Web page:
KUALA LUMPUR, Dec 3 — Amid allegations of sexual harassment against female employees at its estates, Sime Darby Plantation (SDP) announced today it will halt ongoing internal investigations after failing to obtain relevant evidence and witnesses during a revisitation of a case highlighted in a news report.
In a statement today, the company said a complainant identified in the allegations had insisted that she was in no way coerced or intimidated into withdrawing her complaint at the material time when the alleged incidents took place.
“Due to the specific nature of the information in the article, we were able to immediately identify the particular case and revisit it, even though the complainant had withdrawn her complaint in April 2019, two months after it was first brought to light.
“As the complainant was steadfast about withdrawing the complaint, the company had accordingly closed the matter as there were no other witnesses to the alleged act.
“We had also then informed the independent non-governmental organisation (NGO) assisting the complainant of her decision. The NGO in question acknowledged the decision to close the case,” it said in a statement here.
A report by the Associated Press, which was published by news outlets such as Al Jazeera and The Japan Times, contained allegations of rape and sexual assault by a number of women working on oil palm plantations in Indonesia and Malaysia.
In the article, a woman working on a Sime Darby plantation said her boss had made sexually explicit comments to her and that he would not only lurk behind her in the fields but also when she went to the bathroom.
Despite the probe’s closure, SDP said it still got in touch with the aforementioned complainant during a recent revisitation and the latter informed the company’s Gender Committee representative she had no intention of reopening the case while also denying offensive statements had been made to her in the first place.
“Another female colleague identified as the actual target of the alleged statement, has denied that she had heard the statement, if it had been made at all.
“Thus, without any evidence, witnesses or even a victim, we have no basis to pursue further investigations and have accordingly closed the case again,” it added.
SDP also disclosed both individuals were still being employed in its estates under the protection of the systems in place.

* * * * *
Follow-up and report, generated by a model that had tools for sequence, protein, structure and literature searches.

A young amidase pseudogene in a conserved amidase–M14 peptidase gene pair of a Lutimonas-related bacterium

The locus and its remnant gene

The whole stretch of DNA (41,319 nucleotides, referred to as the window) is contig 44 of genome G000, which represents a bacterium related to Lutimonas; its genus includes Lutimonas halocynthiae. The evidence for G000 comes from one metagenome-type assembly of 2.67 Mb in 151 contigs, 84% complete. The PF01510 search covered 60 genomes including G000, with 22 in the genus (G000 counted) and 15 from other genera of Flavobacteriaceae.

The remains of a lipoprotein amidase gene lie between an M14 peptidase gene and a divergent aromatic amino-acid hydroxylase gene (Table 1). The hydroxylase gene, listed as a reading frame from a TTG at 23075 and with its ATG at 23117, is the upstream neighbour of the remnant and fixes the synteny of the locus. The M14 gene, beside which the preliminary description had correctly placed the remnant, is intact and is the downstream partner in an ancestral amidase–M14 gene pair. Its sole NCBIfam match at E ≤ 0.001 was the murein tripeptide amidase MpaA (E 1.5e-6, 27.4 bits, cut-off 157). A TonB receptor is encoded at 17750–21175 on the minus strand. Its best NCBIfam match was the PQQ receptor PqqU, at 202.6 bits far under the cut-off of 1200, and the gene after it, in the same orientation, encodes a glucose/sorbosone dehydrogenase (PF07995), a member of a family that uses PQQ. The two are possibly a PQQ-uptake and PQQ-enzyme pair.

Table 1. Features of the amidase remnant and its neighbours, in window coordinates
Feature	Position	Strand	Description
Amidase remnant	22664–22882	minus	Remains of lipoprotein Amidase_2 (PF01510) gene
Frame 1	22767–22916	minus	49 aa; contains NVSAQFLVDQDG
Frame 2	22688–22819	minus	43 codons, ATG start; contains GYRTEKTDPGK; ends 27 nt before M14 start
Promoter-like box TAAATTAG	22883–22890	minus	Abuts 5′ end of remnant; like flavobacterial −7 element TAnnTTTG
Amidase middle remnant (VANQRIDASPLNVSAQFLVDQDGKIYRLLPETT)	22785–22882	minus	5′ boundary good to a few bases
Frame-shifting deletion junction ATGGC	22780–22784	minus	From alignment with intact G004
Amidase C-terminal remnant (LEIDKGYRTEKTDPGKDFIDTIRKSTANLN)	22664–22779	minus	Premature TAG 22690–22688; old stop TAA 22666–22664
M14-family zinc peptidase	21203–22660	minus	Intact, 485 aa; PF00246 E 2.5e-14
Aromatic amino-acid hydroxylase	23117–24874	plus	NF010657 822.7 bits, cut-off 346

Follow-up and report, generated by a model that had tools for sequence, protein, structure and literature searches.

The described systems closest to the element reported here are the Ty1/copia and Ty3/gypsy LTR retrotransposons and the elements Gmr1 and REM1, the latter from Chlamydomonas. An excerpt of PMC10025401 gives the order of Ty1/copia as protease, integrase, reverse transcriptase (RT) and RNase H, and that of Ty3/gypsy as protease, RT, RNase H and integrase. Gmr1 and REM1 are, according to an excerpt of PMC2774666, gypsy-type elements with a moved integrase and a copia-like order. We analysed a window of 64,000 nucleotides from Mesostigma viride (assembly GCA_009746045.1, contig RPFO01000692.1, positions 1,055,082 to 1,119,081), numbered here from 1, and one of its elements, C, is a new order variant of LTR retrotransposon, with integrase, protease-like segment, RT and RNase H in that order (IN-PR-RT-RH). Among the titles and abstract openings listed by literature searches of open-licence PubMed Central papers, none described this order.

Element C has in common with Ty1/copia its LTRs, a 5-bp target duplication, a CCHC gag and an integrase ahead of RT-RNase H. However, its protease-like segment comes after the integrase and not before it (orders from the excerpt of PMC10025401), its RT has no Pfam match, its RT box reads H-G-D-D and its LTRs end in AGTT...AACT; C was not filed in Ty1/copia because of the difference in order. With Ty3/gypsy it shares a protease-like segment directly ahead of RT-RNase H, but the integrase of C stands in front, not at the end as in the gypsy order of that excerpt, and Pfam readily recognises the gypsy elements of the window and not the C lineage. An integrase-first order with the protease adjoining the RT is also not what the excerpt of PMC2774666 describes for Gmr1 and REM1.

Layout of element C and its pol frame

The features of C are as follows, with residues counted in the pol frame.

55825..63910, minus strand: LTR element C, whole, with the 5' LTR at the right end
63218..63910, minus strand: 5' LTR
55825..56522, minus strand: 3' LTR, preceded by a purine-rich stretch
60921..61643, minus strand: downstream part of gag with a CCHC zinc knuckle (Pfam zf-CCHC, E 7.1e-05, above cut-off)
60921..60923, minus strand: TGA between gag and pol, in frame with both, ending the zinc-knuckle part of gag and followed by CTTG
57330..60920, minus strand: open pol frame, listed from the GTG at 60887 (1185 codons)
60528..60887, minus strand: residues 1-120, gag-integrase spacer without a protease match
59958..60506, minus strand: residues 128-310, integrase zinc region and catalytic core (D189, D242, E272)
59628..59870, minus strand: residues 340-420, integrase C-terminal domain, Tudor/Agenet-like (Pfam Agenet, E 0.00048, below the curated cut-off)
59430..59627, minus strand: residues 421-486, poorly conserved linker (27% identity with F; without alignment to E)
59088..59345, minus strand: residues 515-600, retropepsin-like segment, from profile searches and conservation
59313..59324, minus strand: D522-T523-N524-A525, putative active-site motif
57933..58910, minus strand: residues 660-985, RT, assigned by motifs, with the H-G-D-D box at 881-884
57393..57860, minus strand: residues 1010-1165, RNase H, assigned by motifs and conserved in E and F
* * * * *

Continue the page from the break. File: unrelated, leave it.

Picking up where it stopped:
“We have taken this opportunity to reinforce the many safeguards, processes and procedures that are in place for our female workforce and to educate all employees of the appropriate conduct expected of them at all times.
“SDP reiterates our zero tolerance for any forms of sexual or human rights violations, exploitation, abuse or any other criminal offences in our operations and supply chains.
“We will continue to ensure the safety and well-being of all members of our workforce, especially the more vulnerable,” it added.
In addressing human rights issues within the industry, SDP said it will continue to engage in collaborations with stakeholders especially civil society organisations to continuously improve its policies and practices in upholding human rights.
“As exemplified in the above case, we have worked with a range of NGOs and civil society organisations over the years to strengthen our efforts in safeguarding the fundamental rights of our workforce, regardless of gender or ethnicities.
Any individuals or organisations, including members of the media, with evidence of any wrongdoing are encouraged to report them to us immediately, or to the relevant authorities,” it said.
Related Articles Sime Darby hires independent experts, PwC as it shores up human rights commitments, compliance Palm oil giant Sime Darby says no basis to labour misconduct claims, wants more info from petitioner for US to ban its exports Sime Darby Plantation says will clear up child, forced labour allegations with anti-human trafficking group